Yellow Jackets

wasp pictureYellow Jackets make a round paper nest either on the eve of our homes or in the ground with numbers estimated at twenty-five thousand at maturity. The queen usually starts her nest in mid-spring after emerging from hibernation. The nest is usually first noticed in midsummer as it nears maturity and the number of yellow jackets grows. They tend to become more aggressive late summer and early fall when they start producing new queens for the next year.

Yellow jackets are in a family of insects that is given the scientific name of Vespidae, which we often hear referred to as “meat bees,” due to the tendency for several of the species to try to share our hot dogs and hamburgers when we are eating outdoors. Yellow jackets are social insects, creating a nest and organized colony, with a queen to lay the eggs and workers that care for the growing larvae and forage for food for the colony. The food of the larvae, as it turns out, is meat, and in the absence of humans and our own foods that meat will be natural sources such as other insects or carcasses of dead animals. Caterpillars are a particularly good source of meat, and in this respect, these insects provide some benefit to us. However, yellow jackets also can sting, and in defense of their nests will readily go after people or pets that stray too close for them.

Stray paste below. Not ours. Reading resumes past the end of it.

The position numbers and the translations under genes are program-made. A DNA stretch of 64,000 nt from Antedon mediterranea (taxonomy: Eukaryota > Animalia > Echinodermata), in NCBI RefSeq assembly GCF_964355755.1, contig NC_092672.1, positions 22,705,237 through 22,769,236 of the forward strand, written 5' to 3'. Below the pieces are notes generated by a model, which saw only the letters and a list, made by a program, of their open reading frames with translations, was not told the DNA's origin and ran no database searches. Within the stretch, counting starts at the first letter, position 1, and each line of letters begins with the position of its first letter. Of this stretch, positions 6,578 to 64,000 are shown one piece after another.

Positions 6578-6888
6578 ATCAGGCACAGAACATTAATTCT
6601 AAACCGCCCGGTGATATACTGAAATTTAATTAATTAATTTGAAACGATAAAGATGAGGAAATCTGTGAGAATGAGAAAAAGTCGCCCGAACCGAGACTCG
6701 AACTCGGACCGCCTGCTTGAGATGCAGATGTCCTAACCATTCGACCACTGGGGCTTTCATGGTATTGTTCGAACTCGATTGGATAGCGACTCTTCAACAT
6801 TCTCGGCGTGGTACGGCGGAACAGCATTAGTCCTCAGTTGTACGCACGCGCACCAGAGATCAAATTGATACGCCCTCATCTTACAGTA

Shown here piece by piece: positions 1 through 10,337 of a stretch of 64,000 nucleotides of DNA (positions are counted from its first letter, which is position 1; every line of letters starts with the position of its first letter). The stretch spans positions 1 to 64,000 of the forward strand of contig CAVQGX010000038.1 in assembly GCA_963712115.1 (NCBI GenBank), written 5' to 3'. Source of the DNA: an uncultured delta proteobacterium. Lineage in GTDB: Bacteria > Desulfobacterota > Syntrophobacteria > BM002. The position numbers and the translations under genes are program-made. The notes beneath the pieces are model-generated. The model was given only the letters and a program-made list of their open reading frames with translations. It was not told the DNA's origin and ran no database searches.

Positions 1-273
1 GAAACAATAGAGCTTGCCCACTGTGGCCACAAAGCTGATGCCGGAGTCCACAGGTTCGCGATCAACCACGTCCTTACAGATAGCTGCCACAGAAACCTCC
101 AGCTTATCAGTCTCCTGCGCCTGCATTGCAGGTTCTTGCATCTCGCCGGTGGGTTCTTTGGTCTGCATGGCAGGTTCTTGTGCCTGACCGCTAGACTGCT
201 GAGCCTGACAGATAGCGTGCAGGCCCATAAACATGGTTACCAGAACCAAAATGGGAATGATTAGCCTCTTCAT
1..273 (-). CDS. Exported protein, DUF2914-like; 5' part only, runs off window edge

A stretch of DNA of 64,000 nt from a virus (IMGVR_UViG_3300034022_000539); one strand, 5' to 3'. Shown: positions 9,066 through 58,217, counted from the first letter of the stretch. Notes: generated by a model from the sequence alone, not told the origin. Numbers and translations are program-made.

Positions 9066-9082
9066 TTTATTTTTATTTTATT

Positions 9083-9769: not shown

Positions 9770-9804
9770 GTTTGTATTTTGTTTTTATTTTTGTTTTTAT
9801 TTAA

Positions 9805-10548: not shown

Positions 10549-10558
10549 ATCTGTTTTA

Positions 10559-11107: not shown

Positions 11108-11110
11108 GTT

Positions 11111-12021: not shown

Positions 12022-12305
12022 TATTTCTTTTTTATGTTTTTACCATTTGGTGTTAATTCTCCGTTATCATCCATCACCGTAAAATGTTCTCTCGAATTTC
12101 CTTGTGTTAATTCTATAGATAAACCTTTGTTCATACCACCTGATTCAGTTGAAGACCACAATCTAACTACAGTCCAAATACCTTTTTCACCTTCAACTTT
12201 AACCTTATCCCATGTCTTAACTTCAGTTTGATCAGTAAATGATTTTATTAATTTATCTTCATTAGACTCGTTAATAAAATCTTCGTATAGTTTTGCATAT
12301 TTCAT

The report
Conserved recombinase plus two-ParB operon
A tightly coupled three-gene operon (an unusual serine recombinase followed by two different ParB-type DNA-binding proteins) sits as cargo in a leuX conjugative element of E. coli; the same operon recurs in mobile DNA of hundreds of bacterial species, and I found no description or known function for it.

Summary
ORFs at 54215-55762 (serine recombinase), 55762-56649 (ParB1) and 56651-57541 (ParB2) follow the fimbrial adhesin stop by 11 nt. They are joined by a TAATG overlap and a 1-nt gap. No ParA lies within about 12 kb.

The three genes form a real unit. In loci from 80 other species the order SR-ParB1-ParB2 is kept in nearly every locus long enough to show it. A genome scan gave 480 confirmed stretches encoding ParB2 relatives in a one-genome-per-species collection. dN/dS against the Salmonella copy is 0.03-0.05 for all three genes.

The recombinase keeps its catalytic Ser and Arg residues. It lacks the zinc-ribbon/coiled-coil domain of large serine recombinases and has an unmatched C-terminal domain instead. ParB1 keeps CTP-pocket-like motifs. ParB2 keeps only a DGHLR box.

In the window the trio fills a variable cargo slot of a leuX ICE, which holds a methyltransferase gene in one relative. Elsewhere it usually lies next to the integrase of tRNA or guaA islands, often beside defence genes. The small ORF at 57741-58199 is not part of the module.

Yellow Jacket Removal

Call a professional pest control operator for yellow jacket removal. The European Paper Wasp looks very much like a yellow jacket, and could easily be confused with one. It is the same black and yellow color with very similar markings, but with a much more slender abdomen and somewhat narrower waist area. The nests of paper wasps also are different from those of yellow jackets. Both insects create their nest by using dried plant materials, such as bark from trees, dried flower stems, etc., working this into a mushy paper mache that they can then form into the rather beautiful nests with cells, where their larvae will live and grow. Yellow jackets always enclose the nest with an outer shell, and their colonies can become extremely large, upwards of 25,000 insects by the end of the summer if they have done well. Neither paper wasps nor yellow jackets continue the colony through the winter in areas where it gets cold, so all that work starts from scratch with a new queen creating a new colony in the spring.